AI-generated scam unmasked involving fake image, voice of Taylor Swift
Fans of pop superstar Taylor Swift may have been taken by surprise recently by a social media advertisement in which she appeared to be promoting pricey cookware, but in reality, was a computer-generated fake, as Fox News reports.
The episode has drawn renewed attention to the ability of artificial intelligence to produce highly convincing, yet deceptive imagery capable of facilitating all manner of fraudulent activity.
Swift scam revealed
At issue was a spot for high-priced kitchenware from Le Creuset which seemed to feature Swift's image and voice and offered individuals an opportunity to benefit from a merchandise giveaway.
In the video at issue, the voice that appears to come from the Eras Tour superstar opens by saying, “Hey you all, it's Taylor Swift here.”
“Due to a packaging error, we can't sell 3,000 Le Creuset cookware sets, so I'm giving them away to my loyal fans for free,” the voice, purported to be that of Swift, went on.
Though the advertisement was removed from Facebook, the entire scenario shines a spotlight on how effective AI-generated fakes can be in terms of mimicking voices and images of celebrities for the purpose of facilitating all sorts of questionable endeavors.
Le Creuset responds
The luxury cookware brand told Fox News Digital that it had not been involved in the creation of the advertisement and neither had Swift.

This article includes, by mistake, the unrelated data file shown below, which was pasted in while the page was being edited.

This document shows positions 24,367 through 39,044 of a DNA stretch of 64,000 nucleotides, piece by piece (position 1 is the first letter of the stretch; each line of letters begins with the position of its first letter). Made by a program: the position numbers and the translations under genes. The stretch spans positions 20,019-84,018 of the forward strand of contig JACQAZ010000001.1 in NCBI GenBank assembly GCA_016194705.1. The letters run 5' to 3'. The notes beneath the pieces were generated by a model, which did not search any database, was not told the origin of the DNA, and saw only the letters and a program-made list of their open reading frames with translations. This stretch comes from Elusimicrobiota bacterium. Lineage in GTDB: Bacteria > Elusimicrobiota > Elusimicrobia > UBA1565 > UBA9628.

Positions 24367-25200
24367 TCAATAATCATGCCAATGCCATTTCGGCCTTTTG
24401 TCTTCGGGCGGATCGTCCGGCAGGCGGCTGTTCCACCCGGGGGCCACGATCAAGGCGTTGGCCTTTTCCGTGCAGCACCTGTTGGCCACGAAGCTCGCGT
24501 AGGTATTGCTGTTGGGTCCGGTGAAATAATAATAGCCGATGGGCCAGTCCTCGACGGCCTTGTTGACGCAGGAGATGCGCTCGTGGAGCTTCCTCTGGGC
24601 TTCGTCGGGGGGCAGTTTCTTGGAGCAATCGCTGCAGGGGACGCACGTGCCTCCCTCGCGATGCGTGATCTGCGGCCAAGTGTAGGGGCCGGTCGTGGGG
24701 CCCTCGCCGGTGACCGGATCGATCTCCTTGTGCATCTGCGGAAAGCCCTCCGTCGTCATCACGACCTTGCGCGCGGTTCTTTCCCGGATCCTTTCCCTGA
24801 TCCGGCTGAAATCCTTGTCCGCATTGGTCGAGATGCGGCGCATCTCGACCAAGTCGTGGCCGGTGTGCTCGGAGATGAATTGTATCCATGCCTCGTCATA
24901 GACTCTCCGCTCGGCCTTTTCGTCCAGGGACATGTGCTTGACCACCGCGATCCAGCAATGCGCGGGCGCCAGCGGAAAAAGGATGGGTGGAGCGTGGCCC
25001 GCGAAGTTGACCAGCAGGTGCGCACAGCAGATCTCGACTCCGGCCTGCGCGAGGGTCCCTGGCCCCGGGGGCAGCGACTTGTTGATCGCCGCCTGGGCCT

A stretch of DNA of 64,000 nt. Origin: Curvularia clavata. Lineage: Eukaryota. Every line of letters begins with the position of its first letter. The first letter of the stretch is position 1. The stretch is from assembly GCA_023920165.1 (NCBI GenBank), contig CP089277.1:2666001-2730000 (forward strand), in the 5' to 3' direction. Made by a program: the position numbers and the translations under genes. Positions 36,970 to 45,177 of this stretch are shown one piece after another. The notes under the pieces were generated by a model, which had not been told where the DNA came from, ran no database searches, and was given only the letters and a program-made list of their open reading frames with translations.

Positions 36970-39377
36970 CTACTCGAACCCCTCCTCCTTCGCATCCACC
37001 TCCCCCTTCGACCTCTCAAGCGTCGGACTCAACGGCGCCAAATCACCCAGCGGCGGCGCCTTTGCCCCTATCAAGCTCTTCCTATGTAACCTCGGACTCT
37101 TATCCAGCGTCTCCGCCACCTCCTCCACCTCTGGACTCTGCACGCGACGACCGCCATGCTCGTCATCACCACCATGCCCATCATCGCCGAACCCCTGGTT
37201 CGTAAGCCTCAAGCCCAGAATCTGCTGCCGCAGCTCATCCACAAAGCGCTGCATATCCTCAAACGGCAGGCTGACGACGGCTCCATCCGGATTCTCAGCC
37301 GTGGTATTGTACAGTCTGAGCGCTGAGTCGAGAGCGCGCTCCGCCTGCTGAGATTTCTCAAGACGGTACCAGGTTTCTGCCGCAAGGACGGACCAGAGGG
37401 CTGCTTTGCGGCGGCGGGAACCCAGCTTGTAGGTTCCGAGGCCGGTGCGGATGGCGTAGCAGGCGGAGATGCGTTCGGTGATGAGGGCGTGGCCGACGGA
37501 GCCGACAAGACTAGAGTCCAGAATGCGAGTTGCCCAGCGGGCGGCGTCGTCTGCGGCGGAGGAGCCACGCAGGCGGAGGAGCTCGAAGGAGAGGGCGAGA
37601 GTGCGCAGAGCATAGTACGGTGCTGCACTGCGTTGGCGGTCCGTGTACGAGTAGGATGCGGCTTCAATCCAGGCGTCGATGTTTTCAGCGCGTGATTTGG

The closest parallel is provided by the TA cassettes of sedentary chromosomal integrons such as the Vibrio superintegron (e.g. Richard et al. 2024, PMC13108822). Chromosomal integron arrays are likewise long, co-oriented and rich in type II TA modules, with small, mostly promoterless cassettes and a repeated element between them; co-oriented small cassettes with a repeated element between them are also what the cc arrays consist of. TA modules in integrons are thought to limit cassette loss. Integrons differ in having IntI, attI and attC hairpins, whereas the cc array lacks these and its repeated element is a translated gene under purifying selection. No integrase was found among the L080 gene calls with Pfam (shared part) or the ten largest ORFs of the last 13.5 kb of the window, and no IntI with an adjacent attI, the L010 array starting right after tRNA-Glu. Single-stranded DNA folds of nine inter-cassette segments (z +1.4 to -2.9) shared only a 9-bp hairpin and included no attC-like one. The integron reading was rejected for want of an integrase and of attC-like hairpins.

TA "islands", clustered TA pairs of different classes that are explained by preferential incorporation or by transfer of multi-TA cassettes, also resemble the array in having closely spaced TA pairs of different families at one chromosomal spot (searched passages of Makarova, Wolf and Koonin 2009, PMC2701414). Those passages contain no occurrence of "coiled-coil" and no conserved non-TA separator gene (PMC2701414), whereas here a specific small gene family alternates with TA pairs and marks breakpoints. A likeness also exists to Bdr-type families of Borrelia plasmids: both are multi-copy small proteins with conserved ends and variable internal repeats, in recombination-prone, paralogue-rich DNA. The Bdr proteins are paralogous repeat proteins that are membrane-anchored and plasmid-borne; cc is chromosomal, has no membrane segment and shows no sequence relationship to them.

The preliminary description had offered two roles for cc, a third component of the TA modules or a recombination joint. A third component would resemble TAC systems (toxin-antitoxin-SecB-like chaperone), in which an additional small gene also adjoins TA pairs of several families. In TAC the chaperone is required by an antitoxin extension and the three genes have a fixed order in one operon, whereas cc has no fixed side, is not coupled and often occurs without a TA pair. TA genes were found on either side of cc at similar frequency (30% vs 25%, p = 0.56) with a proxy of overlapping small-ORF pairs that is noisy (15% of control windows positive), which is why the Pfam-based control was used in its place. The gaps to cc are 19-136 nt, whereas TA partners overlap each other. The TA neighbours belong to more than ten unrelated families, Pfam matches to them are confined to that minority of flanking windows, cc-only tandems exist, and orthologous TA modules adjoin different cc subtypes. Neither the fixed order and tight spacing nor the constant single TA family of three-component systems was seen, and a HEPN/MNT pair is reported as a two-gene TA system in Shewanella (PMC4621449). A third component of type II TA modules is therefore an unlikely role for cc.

A statement from the company said, “Le Creuset is not involved with Taylor Swift for any consumer giveaway. All approved Le Creuset giveaways or promotions come from the official Le Creuset social accounts.”
Offering some sound advice for social media users everywhere, the company added, “Consumers should always check Le Creuset's official social accounts and website before clicking any suspicious ads.”
Proliferation of frauds
As Fox News noted separately back in October, legendary Hollywood actor Tom Hanks also found himself the victim of a similar scam, with an AI-generated likeness of the star having appeared in an advertisement for a dental insurance program.
In that case, Hanks himself took to social media to disclaim any involvement with the product at issue, saying, “BEWARE!! There's a video out there promoting some dental plan with an AI version of me. I have nothing to do with it.”
Efforts are reportedly afoot to offer victims some degree of legal recourse under such scenarios, with a “No Fakes Act” having been proposed as a discussion draft in the U.S. Senate which would provide a right to control one's image and voice and to control digital replicas, violations of which would be subject to monetary fines. A companion measure was introduced in the House just last week.